It probably won’t be much of a surprise outside the Beltway. But trying to get senators to pose for their annual official photograph almost took an act of Congress.
Senators had a 15-minute gap between caucus lunches and a 2:30 p.m. vote on Tuesday for the shot.
Republicans flooded into the Senate chamber at 2:10 p.m., photo-ready and in their assigned desks.
And why not? The photograph is taken from the perspective of the majority, so the camera was placed in the top back right corner of the room.
By 2:15 p.m., Democrats slowly filtered in but Minority Leader Harry Reid of Nevada, Patty Murray of Washington, Richard J. Durbin of Illinois, and Charles E. Schumer of New York, among others, were still missing.
“Photoshop them in!” came a cry from the Republican side. “Photoshop them in!”
Across the aisle, even Maryland Democrat Barbara A. Mikulski agreed.
Eventually, Connecticut Democrat Richard Blumenthal walked into the chamber from the right side and received a slow clap from Republicans. He had a big smile on his face and bright red cheeks.
Cloakroom staff left the chamber to track down the remaining Democrats. One senator decided that she needed to help as well. So Minnesota Democrat Amy Klobuchar went on a mission to drag in her colleagues.
Among the missing: the Democratic leadership team, which apparently was in no hurry to leave a press conference.
Schumer walked in, then looked out the main doors’ windows to ensure his colleagues were coming.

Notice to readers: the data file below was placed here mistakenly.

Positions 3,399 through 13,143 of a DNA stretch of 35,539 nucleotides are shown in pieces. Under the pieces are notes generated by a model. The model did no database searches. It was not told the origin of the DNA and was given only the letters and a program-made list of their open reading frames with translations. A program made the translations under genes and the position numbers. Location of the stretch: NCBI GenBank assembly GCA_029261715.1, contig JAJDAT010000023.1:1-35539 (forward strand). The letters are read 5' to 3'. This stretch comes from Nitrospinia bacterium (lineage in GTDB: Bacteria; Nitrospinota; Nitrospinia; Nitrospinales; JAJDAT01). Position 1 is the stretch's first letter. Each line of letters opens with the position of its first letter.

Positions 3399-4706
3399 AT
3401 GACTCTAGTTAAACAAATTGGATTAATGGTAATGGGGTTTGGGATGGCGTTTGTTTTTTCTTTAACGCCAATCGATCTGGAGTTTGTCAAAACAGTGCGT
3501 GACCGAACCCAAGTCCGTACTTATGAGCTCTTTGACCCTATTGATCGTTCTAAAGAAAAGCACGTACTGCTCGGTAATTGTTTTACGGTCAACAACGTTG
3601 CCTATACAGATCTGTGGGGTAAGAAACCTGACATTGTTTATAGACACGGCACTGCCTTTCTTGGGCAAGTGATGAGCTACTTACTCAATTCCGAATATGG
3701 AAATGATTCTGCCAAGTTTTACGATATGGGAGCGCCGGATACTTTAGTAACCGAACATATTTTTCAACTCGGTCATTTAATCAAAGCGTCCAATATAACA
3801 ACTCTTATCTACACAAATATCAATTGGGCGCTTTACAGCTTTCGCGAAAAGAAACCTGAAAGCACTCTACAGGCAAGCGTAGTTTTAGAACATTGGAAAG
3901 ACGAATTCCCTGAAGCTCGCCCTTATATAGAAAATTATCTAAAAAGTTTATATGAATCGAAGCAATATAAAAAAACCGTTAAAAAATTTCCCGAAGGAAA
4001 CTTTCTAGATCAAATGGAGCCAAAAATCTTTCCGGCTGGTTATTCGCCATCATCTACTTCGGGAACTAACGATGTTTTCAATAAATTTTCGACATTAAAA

Maine Republican Susan Collins seemed to be scorning Schumer from her desk while Reid and Murray finally took their places.
Bernie Sanders, who apparently won’t be headed for the White House, also won’t be in the photograph. The Vermont independent was on the Hill Tuesday, but was a no-show for the photograph session.
Vice President Joseph R. Biden Jr. who serves as president of the Senate and was a senator for decades, was not able to make his last official photograph with his colleagues.
Utah Republican Orrin G. Hatch, the president pro tempore of the Senate, sat in Biden’s chair instead. Senate pages, cloakroom staff and members of the press sat in the press balcony.
Oklahoma GOP Sen. James Lankford’s chair remained open, right next to Georgia Republican David Perdue.
“Sen. Perdue, can you move a little to the left?” the photographer yelled from the balcony to laughter from other senators.
Perdue is known for favoring the right. The far right.
Perdue chose to stay put.